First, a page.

Simple test reveals how long you will live

By: Dr. Victor Marchione | Anti-Aging | Friday, January 23, 2015 - 05:02 AM

If you can do this, you’ll live long and healthyDo you eat right, exercise often, and don’t smoke or drink excessively? Many factors are considered when determining how long you will live – your habits, your family health history and genetic makeup, for example. The life expectancy for Americans is on the rise, and I’m convinced that healthy lifestyle choices can help you live right up to 100 or even older!

Buy what if I told you there was a test that you didn’t need to go see your doctor to perform that could reveal how long you will live? Skeptical?

New research published in the European Journal of Preventative Cardiology has taken an old concept and revamped it to make it a more definitive means in estimating the length of your life.

Longevity revealed in the ability of sitting

You may have heard of the test where you sit on a chair without using your hands, and then rise from the seat also without using your hands. The main purpose of this test was so that doctors could gage a senior’s leg and lower body fitness level, as well as their ability to function independently.

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This relatively simple task involves so many mechanics, such as flexibility, muscle power, balance and motor coordination.

Well, the new research has taken this test and amped it up to help determine life longevity. Both men and women volunteers between the ages of 51 and 81 were asked to sit on the floor without the use of their hands, and to also stand up from the floor, similarly not using their hands.

You’re right – easier said than done!

The participants were monitored for six years. Those who could not perform the task without using their hands in some way to get up or down were more likely to die within the six years they were being followed. Those who could easily sit on the floor and prop themselves back up lived well beyond the study’s completion.

The researchers concluded that those who could not complete the test lacked musculoskeletal fitness, which they suggest is quite important. Aerobic fitness is related to survival, but the study also shows that “maintaining high levels of body flexibility, muscle strength and coordination also has a favorable influence on life expectancy,” says study author Claudio Gil Soares de Araujo, a professor at Gama Filho University in Rio de Janeiro.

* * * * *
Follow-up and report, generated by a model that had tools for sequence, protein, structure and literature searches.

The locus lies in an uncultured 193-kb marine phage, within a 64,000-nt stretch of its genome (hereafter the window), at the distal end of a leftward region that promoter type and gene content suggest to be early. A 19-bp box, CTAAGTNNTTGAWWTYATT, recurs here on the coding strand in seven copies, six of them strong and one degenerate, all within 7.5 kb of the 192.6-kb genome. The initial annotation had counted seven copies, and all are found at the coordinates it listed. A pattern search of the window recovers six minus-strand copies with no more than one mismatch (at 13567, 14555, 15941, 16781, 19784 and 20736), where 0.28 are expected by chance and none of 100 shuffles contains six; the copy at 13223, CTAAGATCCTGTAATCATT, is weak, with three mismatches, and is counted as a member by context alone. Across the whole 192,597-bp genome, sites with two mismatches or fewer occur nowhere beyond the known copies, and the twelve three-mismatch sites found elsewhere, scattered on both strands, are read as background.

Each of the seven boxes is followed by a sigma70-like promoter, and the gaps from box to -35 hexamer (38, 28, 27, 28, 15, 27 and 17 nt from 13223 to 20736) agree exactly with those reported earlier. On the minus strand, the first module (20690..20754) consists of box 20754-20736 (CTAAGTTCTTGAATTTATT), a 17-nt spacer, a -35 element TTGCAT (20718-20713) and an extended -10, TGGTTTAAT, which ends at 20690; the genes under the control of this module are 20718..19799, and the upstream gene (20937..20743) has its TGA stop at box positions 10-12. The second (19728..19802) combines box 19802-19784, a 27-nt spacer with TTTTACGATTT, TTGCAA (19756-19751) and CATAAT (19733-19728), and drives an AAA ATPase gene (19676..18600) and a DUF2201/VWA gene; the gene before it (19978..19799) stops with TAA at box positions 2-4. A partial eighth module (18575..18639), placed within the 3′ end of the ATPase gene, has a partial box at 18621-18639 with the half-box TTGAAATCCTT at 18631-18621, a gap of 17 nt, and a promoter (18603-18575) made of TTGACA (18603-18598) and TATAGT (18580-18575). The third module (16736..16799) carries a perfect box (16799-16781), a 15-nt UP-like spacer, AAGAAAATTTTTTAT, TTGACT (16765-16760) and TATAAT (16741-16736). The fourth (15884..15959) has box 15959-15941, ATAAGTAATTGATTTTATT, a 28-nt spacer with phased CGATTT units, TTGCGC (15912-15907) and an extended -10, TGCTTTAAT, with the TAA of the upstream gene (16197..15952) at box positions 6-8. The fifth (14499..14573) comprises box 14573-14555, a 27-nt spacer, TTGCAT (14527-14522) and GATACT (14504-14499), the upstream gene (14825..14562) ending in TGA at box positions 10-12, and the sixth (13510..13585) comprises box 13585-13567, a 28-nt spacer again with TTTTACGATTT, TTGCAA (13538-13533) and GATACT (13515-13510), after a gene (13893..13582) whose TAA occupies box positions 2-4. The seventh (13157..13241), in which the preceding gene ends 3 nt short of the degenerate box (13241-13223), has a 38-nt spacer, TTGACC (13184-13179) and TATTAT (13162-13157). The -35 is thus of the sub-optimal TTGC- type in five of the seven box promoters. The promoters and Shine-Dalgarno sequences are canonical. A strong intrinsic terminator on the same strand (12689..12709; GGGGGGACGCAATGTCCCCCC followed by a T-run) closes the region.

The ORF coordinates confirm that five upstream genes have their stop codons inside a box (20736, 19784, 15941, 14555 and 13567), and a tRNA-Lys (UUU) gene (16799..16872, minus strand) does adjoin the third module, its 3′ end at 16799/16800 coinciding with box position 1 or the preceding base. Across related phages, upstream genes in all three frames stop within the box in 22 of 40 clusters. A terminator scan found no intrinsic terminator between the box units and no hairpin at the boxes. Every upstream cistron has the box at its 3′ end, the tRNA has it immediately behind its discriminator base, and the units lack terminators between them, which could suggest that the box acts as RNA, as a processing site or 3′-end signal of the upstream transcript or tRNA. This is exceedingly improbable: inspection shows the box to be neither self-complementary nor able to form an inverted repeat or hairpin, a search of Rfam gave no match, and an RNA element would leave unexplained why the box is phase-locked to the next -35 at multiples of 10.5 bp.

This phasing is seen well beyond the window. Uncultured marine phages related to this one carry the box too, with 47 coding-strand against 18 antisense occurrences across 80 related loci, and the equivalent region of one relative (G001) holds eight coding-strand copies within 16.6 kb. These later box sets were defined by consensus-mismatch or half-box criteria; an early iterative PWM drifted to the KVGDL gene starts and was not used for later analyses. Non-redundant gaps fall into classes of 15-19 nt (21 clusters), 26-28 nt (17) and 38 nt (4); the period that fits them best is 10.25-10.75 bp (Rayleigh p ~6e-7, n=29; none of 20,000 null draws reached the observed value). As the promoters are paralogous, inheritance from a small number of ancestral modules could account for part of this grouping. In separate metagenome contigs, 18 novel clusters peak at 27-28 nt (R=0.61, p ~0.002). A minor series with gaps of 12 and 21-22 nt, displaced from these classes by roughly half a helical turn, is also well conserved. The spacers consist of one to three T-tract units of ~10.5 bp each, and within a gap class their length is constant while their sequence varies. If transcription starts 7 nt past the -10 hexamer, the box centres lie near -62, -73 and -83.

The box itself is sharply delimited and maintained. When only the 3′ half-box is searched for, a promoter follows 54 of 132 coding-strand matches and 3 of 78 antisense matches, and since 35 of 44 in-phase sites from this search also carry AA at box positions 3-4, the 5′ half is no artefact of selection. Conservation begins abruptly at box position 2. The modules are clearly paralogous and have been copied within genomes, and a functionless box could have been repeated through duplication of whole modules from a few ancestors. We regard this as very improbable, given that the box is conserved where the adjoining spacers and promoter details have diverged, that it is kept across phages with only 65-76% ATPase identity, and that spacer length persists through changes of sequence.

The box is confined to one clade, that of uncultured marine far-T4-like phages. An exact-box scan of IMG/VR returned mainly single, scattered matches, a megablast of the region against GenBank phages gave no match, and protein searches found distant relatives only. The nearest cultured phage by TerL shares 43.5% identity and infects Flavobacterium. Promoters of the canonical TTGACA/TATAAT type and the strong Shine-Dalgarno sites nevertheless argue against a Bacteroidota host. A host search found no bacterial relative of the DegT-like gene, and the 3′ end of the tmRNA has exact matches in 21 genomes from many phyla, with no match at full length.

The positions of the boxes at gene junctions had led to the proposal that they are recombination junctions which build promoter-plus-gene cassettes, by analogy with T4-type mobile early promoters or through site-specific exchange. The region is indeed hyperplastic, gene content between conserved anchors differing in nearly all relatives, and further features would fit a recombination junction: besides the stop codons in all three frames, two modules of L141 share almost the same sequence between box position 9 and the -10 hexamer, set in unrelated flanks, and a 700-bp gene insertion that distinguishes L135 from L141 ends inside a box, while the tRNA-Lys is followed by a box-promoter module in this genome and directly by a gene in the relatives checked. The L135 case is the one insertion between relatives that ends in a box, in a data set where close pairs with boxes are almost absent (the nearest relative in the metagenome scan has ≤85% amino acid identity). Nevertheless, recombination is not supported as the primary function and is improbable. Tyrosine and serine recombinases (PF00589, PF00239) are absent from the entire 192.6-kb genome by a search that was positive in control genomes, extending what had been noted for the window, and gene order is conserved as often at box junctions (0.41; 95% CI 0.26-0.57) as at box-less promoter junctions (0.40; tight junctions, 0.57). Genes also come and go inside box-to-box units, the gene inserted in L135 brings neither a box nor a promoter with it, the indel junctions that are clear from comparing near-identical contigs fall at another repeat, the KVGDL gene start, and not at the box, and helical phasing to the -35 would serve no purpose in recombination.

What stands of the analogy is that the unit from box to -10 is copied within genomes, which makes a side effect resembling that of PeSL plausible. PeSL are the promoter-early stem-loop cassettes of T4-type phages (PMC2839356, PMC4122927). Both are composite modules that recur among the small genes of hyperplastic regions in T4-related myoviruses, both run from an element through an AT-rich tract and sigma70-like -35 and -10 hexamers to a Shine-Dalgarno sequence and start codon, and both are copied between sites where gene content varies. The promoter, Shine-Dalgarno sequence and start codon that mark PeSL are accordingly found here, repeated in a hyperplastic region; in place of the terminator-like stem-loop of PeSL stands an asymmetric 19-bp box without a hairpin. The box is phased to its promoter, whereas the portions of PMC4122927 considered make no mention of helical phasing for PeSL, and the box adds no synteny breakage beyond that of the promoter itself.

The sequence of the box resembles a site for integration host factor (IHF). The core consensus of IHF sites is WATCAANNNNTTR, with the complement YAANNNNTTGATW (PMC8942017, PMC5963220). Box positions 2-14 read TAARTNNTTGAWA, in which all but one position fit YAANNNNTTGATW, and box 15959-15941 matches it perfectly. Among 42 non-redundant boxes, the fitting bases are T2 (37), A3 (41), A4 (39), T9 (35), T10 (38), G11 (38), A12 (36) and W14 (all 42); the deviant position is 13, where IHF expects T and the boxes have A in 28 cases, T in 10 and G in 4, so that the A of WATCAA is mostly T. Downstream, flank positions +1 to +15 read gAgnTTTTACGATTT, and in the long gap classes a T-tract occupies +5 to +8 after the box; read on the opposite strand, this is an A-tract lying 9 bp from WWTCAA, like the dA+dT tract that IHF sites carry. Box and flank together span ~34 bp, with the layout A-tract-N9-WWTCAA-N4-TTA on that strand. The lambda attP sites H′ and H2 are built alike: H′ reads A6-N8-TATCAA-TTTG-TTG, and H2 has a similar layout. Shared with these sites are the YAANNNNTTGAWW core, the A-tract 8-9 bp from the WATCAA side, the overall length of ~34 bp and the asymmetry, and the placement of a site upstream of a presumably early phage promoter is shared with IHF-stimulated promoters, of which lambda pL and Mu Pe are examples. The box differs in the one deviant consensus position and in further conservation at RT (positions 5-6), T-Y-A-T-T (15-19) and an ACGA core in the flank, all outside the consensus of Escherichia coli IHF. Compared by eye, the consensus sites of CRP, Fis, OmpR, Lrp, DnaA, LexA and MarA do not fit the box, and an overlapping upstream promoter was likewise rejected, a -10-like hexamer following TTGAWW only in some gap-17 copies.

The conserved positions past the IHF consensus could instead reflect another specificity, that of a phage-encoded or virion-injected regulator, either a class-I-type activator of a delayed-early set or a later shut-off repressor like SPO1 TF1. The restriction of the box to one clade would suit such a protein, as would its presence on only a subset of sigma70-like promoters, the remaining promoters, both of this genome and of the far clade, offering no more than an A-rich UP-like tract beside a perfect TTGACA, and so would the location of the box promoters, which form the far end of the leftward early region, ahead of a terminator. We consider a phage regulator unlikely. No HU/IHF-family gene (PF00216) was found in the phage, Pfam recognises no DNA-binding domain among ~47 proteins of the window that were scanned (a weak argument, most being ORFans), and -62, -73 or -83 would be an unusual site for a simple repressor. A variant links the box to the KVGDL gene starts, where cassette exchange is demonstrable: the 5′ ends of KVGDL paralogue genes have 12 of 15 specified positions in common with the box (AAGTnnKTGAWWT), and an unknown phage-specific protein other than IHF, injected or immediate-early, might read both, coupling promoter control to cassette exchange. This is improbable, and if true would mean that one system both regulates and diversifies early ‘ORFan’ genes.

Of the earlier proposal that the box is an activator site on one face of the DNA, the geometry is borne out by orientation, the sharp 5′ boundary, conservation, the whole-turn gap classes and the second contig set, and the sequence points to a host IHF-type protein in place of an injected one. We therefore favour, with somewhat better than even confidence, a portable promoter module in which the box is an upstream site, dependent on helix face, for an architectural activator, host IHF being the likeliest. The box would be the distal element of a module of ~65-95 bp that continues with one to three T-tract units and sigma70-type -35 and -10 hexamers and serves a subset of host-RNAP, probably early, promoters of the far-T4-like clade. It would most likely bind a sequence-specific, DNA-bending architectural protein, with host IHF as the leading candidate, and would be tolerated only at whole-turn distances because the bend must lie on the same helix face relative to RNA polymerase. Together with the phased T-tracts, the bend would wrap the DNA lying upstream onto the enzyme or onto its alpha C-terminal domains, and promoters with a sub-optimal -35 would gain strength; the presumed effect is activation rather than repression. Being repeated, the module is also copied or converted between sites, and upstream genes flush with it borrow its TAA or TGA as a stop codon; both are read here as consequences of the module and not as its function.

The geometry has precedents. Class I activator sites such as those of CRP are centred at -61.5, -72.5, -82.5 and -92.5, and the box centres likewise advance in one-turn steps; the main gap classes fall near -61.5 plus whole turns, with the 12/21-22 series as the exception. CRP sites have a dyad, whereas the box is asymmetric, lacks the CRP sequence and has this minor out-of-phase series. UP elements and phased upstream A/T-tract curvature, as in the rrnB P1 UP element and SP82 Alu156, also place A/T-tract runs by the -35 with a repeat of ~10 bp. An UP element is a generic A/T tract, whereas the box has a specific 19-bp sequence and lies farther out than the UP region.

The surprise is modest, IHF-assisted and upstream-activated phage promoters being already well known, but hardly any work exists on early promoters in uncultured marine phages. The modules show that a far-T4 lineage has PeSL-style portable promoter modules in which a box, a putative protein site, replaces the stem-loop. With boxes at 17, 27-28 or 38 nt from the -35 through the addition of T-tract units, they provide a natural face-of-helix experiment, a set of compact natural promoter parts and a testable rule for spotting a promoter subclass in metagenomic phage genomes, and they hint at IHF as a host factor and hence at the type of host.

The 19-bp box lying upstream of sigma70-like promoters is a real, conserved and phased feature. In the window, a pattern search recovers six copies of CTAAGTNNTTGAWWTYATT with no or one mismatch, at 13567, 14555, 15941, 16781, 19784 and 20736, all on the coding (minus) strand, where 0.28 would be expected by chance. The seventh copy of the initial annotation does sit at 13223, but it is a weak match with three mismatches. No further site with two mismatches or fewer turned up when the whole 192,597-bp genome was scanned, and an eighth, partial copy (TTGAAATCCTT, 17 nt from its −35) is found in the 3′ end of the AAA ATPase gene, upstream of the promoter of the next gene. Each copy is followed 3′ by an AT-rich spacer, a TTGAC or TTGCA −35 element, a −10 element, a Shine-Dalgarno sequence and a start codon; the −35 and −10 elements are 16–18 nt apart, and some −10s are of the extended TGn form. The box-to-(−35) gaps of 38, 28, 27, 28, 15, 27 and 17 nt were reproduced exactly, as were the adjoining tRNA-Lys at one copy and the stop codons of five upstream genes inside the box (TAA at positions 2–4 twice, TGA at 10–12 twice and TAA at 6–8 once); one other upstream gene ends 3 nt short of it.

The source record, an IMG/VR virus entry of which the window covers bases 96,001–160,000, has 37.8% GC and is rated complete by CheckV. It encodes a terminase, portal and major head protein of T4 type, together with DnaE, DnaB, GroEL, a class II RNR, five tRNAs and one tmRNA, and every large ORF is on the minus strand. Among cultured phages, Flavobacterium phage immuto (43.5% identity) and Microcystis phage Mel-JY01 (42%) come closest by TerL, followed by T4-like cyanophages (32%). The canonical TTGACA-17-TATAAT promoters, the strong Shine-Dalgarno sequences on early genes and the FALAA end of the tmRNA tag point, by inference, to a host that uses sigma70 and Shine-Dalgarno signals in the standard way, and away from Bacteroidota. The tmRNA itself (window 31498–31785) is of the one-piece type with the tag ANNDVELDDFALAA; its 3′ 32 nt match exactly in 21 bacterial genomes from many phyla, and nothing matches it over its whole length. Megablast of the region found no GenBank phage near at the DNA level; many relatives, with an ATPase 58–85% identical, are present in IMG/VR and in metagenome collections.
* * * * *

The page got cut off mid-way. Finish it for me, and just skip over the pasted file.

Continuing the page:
Building yourself up to live longer

If you’ve attempted the test and need the assistance of your hands or surrounding objects, don’t fret! You can still take steps to improve your life. By practicing and working on your flexibility, balance, and strength you will be on your way to many more good years.

First and foremost, when choosing a plan, make sure you have clearance from your doctor.

There are easy steps to improve your flexibility and balancing. Taking some time out of your day to stretch will help with flexibility.

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Start by attempting to touch your toes. If you can’t, reach as far as you can, and hold the stretch for at least 20 seconds. Slowly, you will be able to go further until you can get right down to your toes.

Other good stretches to try are reaching your arms across your body or over and back from your head. But remember, anything less than 20 seconds in position and you won’t target the muscles to loosen up and get a full stretch.

For balance, start with trying to stand on one foot at a time. A good practice is beginning with 10 seconds per leg and increasing the duration over time.

To build strength, it’s best to start with a squat which is essentially being in a seated position without actually sitting down. For beginners, practice hovering over a chair in case you lose balance or need a break. The stronger your legs get, the less likely you’ll need the chair underneath you. Also, as you become stronger, you can hold this position for much longer.

To improve strength in your arms, try some simple exercises with light weights. In a standing position, hold the weights facing forward and curl your arms up so you are bringing the weights up to your chest. Repeat an up-and-down motion five times, then take a break until your next set. Once again, the more times you practice this, the more you can increase the weight.

Through practice, you can redo the sitting on the floor test and monitor your progress.

Remember, don’t be discouraged if it seems difficult at first. The tips I’ve provided will help make you stronger and keep you healthy for the many years ahead.

It’s never too late to make simple changes to improve your body and your health – no matter your age.

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